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Posted 6 Feb 2002

# Tesselation of Mono Connected Non Convex Polygon

, 6 Feb 2002
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Tesselation of mono connected non convex polygon

## Introduction

A simple alternative to OpenGL polygon tesselation callback. You can focus on file triangle.h that contain the class to evaluate convexity of polygon and tesselate the polygon. No extra points are inserted. You can work only with planar polygon also in 3D.

Every suggestion in order to speed up the class and create better tesselation ('better' triangles) is appreciated.

## History

• 6th February, 2002: Initial post

## About the Author

 United States
No Biography provided

## Comments and Discussions

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 Possible error and fix GregDude21-Jul-05 15:34 GregDude 21-Jul-05 15:34
 I found this routine sometimes produces incorrect tesselation. When certain points in the polygon winding are colinear, it can skip over them and produce triangles outside of the original polygon. My fix simply classifies points on the edge of the test triangle as 'inside' instead of 'outside'. This appears to be a stable and beneficial fix so far. Example Input: ```
poly normal (0.000f,-0.500f,0.866f)
poly points
(0.700f,6.500f,4.071f) // 0
(0.700f,5.500f,3.494f) // 1 This point gets mis-classified with 2,8,9 triangle
(-1.700f,5.500f,3.494f) // 2
(-1.700f,6.500f,4.071f) // 3
(-2.500f,6.500f,4.071f) // 4
(-7.300f,1.700f,1.300f) // 5
(11.300f,1.700f,1.300f) // 6
(7.500f,5.500f,3.494f) // 7
(4.300f,5.500f,3.494f) // 8
(4.300f,6.500f,4.071f) // 9
``` Old Code in function IsPointInside(): ```
pmq2.Vector(m_e1,ntmp); if( (B0=m_N.Dot(ntmp)) <= 0.0 ) return false;
m_e0.Vector(pmq2,ntmp); if( (B1=m_N.Dot(ntmp)) <= 0.0 ) return false;
return ( (m_A-B0-B1) > 0.0 ? true : false );
``` New Code: ```
pmq2.Vector(m_e1,ntmp); if( (B0=m_N.Dot(ntmp)) < 0.0 ) return false;
m_e0.Vector(pmq2,ntmp); if( (B1=m_N.Dot(ntmp)) < 0.0 ) return false;
return ( (m_A-B0-B1) < 0.0 ? false : true);
``` Helpful explaination of internal variables: ```
//...........^.....
//.........I/......
//.N......./.......
//.^...e0./........
//.|...../__-->p...
//.|...K.\.........
//........\...A....
//......e1.\.......
//..........\......
//...........v.....
//..........J......
//(I replaced spaces with dots as they were not preserved in post?)
//
// I,J,K (points of current test triangle, indices or indirect indices)
// e0,e1 (edges from IK, JK)
// A (Area of current triangle, is actually area*2)
// N (Normal of current triangle, not unit length)
//
// p Test point if in current triangle.
//
``` Edit.... Further testing shows that neither the old or new code correctly and consistently handles coincident and colinear points. (Eg. An example of a coincident point, is a Figure '8' polygons that does not actually cross over, just converges in the middle.) Example Input: ```
// Eg. Coincident point, figure 8 style
poly normal (0.000f,-0.500f,0.866f)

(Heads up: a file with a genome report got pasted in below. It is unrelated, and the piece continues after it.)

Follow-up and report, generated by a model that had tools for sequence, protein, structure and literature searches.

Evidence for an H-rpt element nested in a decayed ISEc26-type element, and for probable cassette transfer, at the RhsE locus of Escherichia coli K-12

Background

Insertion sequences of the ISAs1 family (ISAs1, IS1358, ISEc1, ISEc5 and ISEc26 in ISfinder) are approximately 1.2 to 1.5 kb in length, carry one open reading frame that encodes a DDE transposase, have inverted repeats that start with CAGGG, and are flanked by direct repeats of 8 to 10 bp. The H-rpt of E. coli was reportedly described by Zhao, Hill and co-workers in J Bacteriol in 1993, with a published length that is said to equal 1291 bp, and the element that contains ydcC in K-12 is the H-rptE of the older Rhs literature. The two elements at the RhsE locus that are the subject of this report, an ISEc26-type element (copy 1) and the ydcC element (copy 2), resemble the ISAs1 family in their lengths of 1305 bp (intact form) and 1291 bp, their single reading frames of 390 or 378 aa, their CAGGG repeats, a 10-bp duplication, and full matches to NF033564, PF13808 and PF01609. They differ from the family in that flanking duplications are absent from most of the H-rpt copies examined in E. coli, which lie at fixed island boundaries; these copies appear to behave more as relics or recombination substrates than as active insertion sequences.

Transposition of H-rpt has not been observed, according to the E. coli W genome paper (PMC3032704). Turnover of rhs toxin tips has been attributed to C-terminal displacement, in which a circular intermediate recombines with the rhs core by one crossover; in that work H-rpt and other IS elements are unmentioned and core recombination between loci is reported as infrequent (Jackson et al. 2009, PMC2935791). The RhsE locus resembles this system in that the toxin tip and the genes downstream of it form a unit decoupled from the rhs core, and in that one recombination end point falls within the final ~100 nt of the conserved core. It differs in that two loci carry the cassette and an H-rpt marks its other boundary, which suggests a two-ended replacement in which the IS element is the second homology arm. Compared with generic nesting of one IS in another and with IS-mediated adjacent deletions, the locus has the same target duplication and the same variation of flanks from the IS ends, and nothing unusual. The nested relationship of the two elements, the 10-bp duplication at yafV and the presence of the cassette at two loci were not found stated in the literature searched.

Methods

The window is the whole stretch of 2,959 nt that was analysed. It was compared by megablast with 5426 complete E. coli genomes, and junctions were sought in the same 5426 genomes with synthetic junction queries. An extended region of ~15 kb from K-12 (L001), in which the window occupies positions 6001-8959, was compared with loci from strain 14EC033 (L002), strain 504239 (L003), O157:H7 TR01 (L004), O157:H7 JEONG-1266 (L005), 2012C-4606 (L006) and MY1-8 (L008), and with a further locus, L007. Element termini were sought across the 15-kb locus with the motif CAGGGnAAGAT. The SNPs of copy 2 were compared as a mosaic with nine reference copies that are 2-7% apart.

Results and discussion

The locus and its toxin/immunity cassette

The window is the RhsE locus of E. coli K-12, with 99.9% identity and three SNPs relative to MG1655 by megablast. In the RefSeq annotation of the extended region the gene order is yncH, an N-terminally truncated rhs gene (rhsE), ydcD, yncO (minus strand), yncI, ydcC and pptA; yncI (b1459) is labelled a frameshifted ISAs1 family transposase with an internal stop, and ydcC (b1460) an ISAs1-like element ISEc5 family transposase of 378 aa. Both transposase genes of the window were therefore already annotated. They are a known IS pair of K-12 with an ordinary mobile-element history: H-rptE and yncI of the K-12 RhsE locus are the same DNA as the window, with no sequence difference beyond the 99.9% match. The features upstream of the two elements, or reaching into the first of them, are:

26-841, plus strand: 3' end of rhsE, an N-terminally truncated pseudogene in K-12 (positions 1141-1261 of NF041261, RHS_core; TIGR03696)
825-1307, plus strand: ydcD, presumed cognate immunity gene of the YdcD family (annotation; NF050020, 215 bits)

poly points
(1.700f,6.300f,2.801f)
(4.300f,3.700f,1.300f)
(5.700f,3.700f,1.300f)
(7.000f,5.000f,2.051f)
(8.300f,3.700f,1.300f)
(9.300f,3.700f,1.300f)
(8.000f,5.000f,2.051f)
(7.000f,5.000f,2.051f)
(1.700f,10.300f,5.111f)
``` This should help more with coincident points: Old code in IsAnyPointInside(): ```
if( ( ip < i || ip > k ) &&
IsPointInside(points[m_nIndex[ip]],points[ik]) )
{
return true;
}
``` New code: ```
if( ip < i || ip > k )
{
// NOTE: This is Vector3 exact equality test
if( points[m_nIndex[ip]].Equal(points[m_nIndex[i]])
|| points[m_nIndex[ip]].Equal(points[m_nIndex[j]])
|| points[m_nIndex[ip]].Equal(points[m_nIndex[k]])
)
{
continue; // Identical points are not inside, they do not hurt turns
}
if( IsPointInside(points[m_nIndex[ip]],points[ik]) )
{
return true;
}
}
``` If topus's suggested change is valid, it should read ```
//
// j is alligned from i to k ?
//
if( ((-FLT_EPSILON) < m_A && m_A < FLT_EPSILON) || // Area OR Poor Normal
((-FLT_EPSILON) < m_N[0] && m_N[0] < FLT_EPSILON &&
(-FLT_EPSILON) < m_N[1] && m_N[1] < FLT_EPSILON &&
(-FLT_EPSILON) < m_N[2] && m_N[2] < FLT_EPSILON ))
return degenerate;
// NOTE: This code is more efficient on PC with eg. 'fabsf(m_A) <= FLT_EPSILON' to reduce float compares.
``` Also note that you can help the algorithm by removing 'junk' before processing. Eg. project 3D points onto plane (of which normal is used). Remove degeneracies like coincident and colinear points. Snapping and merging points may help, but could lead to bad-snaps that cause self intersections. Edit: I have found another case which I believe shows a flaw in the algorithm. As 'ears' are clipped off the polygon, the remaining polygon can become self intersecting and fail 'point in poly' test, to produce triangles outside the original shape. Example input: ```
poly normal(0,0,1)
(10.52881622f,-1.25890017f,0.00000000f)
(10.52881241f,0.24110639f,0.00000000f)
(-1.47119045f,0.24110317f,0.00000000f)
(-1.47119141f,-1.25889719f,0.00000000f)
(4.52881575f,-1.25890088f,0.00000000f)
(4.52881479f,-3.25889254f,0.00000000f)
(6.08583260f,-3.25889111f,0.00000000f)
(6.08583069f,-1.25889945f,0.00000000f)
``` The fix: in function Triangulate() in 'case convex :' in else, after 'RemoveVertex' ```
// Advance to preserve poly integrity
i = j;
j = k;
k++;
``` This allows the point AFTER the removed triangle point to be the start of the next test triangle. This helps with near colinear points that fan out from an otherwise stationary start point. Edit: There are still issues with the code. The bottom line is that the original algorithm does not handle simple non-covex polys with colinear, but non intersecting segments. The overall algorithm does not handle polygons that intersect in anyway, including at single points, though it often produces a correct or near correct result. Please comment on this.
 Last Visit: 31-Dec-99 18:00     Last Update: 27-Jun-17 12:01 Refresh 1

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